Autistic Pride

1st August 2020

Since starting my blog, I have been welcomed with open arms into the online autistic community. I have had an overwhelming amount of support from parents of children on the spectrum, and from people on the spectrum themselves. I have been offered support, and also, I have been asked for advice from people who believe they are on the spectrum. My inbox has 17 messages already, and this is growing every day. This demonstrates to me how talking about your own experiences can really make an impact. Not only do I get to help others, but I also get to relate, and communicate with others who are just like me. Having this community has made me feel so accepted (minus a few people). The amount of support people are willing to offer is amazing and I couldn’t be prouder to be apart of such an accepting, warm community.

I also find this completely obliterates the stereotype of autistic people as cold and unempathetic. We do feel emotion, we do crave friendships and relationships. People on the spectrum struggle with cognitive empathy, so when we feel empathy we don’t know why, but we still feel it. For example, if someone close to me is upset, it is likely I will also be upset. I won’t always understand why they are upset but I still feel upset in response to them. This is because there are two types of empathy: ‘cognitive empathy’ and ‘emotional/affective empathy ‘. Verywell Mind distinguishes the difference:

Cognitive Empathy

  • Taking another person’s perspective
  • Imagining what it’s like in another person’s shoes
  • Understanding someone’s feelings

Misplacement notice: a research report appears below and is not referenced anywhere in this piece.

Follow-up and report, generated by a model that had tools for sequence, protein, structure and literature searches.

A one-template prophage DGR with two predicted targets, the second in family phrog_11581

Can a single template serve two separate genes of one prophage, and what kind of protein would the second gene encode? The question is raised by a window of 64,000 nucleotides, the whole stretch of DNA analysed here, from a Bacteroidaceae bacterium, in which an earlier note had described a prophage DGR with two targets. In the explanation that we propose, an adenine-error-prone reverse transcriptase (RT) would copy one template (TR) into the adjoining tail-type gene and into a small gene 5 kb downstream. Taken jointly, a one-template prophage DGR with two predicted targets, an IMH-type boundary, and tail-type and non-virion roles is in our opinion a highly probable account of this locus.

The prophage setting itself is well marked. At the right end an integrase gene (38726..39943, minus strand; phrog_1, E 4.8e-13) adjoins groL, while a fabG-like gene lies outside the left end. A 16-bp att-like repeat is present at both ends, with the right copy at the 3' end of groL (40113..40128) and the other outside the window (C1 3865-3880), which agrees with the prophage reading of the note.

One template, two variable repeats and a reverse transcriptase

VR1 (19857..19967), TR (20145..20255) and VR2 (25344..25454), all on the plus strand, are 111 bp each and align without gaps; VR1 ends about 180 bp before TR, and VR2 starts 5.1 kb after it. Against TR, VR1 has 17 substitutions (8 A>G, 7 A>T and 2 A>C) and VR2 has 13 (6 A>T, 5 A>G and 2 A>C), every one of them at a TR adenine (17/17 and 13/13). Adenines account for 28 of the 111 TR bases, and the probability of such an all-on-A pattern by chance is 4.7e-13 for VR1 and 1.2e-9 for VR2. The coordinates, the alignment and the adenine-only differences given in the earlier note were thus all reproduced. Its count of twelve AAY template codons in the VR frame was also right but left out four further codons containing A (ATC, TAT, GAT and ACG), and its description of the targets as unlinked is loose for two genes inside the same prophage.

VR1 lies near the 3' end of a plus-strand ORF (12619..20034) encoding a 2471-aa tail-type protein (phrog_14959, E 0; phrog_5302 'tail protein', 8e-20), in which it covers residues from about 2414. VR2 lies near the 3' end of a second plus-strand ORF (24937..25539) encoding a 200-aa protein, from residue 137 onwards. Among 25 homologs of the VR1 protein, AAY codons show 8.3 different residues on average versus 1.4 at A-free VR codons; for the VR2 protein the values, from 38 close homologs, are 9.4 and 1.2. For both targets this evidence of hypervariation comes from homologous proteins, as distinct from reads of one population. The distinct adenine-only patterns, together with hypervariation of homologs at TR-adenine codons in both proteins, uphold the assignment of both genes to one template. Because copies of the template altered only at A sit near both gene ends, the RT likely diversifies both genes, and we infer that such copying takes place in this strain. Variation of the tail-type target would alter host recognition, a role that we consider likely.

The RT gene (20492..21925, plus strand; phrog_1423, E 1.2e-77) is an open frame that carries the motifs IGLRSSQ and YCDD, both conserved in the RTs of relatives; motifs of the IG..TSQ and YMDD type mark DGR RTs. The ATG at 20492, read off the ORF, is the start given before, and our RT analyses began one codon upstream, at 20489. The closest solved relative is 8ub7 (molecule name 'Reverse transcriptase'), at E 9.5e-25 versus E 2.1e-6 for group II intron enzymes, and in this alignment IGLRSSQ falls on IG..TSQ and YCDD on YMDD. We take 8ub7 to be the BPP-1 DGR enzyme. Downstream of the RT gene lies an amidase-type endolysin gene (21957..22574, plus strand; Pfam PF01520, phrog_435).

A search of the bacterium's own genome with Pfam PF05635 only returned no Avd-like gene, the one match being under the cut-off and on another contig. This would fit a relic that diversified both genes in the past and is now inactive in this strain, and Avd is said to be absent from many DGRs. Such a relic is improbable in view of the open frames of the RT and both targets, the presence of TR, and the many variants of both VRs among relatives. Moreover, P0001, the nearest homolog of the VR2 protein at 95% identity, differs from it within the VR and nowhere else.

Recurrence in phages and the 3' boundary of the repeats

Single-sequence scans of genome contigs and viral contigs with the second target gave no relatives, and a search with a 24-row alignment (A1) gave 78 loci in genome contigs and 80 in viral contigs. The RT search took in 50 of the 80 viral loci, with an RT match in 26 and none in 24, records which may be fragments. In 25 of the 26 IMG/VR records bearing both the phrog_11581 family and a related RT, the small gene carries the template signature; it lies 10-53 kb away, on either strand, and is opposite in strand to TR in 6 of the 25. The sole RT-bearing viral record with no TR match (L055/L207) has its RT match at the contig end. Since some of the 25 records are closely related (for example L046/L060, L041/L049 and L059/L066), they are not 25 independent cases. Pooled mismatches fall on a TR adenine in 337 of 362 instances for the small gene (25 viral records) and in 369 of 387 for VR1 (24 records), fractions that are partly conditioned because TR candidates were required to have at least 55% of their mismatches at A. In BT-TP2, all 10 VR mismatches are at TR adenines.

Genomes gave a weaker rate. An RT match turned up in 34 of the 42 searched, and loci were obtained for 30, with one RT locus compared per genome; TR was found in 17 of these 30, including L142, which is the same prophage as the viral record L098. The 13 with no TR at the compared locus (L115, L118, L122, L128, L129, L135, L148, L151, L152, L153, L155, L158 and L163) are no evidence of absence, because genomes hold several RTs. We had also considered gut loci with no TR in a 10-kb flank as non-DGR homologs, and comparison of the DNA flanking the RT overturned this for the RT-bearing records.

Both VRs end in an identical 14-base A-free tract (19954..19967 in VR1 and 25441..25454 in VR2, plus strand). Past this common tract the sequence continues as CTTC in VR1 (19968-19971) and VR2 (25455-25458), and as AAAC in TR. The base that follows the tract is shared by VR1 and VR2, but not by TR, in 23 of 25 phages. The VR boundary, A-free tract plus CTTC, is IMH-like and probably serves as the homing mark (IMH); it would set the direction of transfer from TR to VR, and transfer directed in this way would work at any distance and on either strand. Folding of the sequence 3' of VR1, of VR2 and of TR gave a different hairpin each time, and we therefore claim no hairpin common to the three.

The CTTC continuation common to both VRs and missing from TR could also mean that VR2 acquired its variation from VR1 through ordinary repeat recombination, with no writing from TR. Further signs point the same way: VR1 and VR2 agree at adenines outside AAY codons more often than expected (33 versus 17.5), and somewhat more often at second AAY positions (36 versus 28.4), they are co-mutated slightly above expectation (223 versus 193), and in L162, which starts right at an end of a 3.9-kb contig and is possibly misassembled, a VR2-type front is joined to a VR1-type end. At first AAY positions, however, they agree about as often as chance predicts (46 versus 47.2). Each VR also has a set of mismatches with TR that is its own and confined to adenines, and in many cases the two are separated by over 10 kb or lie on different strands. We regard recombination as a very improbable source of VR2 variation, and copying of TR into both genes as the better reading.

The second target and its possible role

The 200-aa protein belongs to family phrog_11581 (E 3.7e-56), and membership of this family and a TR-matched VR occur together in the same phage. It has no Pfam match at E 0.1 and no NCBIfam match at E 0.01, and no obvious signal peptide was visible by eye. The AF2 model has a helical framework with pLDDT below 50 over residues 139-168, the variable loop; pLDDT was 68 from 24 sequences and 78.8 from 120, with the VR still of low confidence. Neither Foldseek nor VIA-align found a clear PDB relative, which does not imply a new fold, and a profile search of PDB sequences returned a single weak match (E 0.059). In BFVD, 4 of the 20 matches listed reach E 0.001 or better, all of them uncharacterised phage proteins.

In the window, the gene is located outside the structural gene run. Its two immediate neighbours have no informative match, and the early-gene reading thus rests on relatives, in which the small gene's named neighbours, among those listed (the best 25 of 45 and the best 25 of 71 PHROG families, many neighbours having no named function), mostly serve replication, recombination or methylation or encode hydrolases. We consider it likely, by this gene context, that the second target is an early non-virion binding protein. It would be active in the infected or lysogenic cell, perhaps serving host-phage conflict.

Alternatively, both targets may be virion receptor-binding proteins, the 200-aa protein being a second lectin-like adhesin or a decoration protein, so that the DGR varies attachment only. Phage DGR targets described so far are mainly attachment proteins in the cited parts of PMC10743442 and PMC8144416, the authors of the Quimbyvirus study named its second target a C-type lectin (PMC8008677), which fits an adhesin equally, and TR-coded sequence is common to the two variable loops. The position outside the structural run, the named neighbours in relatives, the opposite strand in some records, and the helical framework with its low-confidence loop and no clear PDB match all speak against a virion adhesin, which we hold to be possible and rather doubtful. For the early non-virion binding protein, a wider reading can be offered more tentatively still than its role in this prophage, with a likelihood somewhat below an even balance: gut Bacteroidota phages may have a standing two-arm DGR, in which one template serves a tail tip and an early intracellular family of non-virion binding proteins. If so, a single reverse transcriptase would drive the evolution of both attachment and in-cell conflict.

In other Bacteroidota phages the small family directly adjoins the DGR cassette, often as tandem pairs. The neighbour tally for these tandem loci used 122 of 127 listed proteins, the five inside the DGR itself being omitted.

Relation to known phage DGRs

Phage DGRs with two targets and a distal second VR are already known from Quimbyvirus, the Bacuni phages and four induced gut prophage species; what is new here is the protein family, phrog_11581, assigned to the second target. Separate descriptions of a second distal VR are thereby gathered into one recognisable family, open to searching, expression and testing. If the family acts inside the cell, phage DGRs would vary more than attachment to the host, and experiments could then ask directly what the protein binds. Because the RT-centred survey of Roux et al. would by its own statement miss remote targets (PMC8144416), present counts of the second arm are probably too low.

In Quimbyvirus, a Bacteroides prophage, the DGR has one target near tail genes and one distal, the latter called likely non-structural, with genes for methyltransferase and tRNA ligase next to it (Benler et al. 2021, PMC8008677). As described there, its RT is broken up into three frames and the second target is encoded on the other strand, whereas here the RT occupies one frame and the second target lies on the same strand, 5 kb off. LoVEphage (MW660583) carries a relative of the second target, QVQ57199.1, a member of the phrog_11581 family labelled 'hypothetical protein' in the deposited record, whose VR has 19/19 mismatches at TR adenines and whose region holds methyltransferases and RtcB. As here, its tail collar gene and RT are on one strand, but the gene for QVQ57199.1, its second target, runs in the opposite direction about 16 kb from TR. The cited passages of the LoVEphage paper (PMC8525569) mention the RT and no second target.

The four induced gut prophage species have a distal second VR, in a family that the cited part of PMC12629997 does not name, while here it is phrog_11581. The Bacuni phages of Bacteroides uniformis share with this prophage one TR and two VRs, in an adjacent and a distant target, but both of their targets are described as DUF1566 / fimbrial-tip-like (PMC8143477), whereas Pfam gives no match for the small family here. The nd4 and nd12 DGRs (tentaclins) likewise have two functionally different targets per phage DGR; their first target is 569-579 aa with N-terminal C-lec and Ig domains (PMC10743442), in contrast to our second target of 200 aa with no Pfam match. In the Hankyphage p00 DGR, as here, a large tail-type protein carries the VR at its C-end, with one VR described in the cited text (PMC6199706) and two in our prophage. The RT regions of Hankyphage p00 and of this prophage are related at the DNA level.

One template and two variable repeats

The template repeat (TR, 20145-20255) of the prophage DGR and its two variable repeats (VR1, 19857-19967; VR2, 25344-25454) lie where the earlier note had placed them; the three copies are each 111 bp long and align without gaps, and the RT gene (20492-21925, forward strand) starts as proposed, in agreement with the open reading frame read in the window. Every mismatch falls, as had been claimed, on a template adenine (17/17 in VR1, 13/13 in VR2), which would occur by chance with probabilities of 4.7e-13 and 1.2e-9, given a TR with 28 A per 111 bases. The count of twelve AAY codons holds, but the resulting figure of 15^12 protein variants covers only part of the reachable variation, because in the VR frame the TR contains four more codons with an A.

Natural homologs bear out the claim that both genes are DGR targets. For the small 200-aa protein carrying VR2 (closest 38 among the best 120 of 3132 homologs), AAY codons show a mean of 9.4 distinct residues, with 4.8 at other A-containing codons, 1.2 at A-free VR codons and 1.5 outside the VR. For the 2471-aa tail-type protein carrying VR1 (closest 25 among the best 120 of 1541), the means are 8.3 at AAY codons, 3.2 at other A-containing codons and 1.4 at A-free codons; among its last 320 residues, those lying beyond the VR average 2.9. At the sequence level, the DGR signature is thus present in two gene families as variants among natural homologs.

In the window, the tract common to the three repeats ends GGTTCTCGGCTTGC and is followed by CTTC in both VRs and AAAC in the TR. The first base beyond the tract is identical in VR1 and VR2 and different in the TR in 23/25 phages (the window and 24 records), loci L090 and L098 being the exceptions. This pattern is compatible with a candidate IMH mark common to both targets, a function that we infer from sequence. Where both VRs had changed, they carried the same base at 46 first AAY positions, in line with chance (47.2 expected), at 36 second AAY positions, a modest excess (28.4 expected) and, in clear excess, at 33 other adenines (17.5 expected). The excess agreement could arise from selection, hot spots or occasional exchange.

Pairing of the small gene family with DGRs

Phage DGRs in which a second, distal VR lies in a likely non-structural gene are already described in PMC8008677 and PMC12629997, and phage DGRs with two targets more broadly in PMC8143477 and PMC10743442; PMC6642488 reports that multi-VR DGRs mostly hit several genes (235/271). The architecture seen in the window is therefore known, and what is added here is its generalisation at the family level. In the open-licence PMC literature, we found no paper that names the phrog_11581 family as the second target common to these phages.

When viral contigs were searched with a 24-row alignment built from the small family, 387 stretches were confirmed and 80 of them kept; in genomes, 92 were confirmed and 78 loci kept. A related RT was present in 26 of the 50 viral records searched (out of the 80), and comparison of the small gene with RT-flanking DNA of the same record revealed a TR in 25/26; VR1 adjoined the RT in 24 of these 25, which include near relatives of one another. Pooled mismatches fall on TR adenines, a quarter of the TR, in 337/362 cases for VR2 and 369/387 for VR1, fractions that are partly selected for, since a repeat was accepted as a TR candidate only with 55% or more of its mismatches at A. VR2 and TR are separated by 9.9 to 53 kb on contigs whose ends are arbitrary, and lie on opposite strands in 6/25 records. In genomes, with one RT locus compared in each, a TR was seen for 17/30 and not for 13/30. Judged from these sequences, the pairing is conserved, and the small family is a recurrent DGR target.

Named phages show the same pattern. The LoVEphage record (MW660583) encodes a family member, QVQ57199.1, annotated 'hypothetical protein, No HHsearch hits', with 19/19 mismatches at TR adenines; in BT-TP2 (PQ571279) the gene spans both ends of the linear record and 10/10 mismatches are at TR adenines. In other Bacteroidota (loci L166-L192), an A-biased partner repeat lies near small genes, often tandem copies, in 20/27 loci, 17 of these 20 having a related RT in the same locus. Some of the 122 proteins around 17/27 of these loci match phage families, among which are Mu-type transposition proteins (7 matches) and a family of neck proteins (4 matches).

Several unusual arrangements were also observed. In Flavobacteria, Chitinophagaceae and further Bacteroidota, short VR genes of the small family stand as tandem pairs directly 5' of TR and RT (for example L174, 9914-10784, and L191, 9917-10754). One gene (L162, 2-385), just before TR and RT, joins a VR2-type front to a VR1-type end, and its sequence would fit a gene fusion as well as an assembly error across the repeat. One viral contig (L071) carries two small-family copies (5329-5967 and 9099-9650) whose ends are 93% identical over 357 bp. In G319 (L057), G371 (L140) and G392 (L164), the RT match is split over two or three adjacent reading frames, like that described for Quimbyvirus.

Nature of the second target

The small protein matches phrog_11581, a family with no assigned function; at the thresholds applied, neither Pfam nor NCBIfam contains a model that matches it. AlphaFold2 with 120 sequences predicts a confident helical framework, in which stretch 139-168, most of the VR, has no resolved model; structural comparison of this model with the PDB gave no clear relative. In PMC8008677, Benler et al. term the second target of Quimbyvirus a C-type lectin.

Emotional Empathy

  • Sharing an emotional experience
  • Feeling distress in response to someone’s pain
  • Experiencing a willingness to help someone

Someone on the autistic spectrum who would have been previously diagnosed with Aspergers (which isn’t actually diagnosed anymore, autism is just diagnosed as ‘autism’ instead of different types), is more likely to have emotional empathy but not cognitive empathy. There are others on the spectrum who will lack both. So, giving an umbrella statement that autistic people are not empathetic is completely untrue. I have found an immense amount of empathy and kindness within the autistic society and I am very grateful for this. So, I hope that I have diminished that stereotype.

If anyone on the autistic spectrum ever feels alone, I would definitely recommend talking with the autistic community it helps to discuss it with people who understand. This doesn’t mean to say you shouldn’t speak to neurotypicals, because by speaking to everyone (not just autistic people) it raises awareness and breaks down stereotypes. So, my overall advice is to talk, to anyone and everyone especially if you are struggling.

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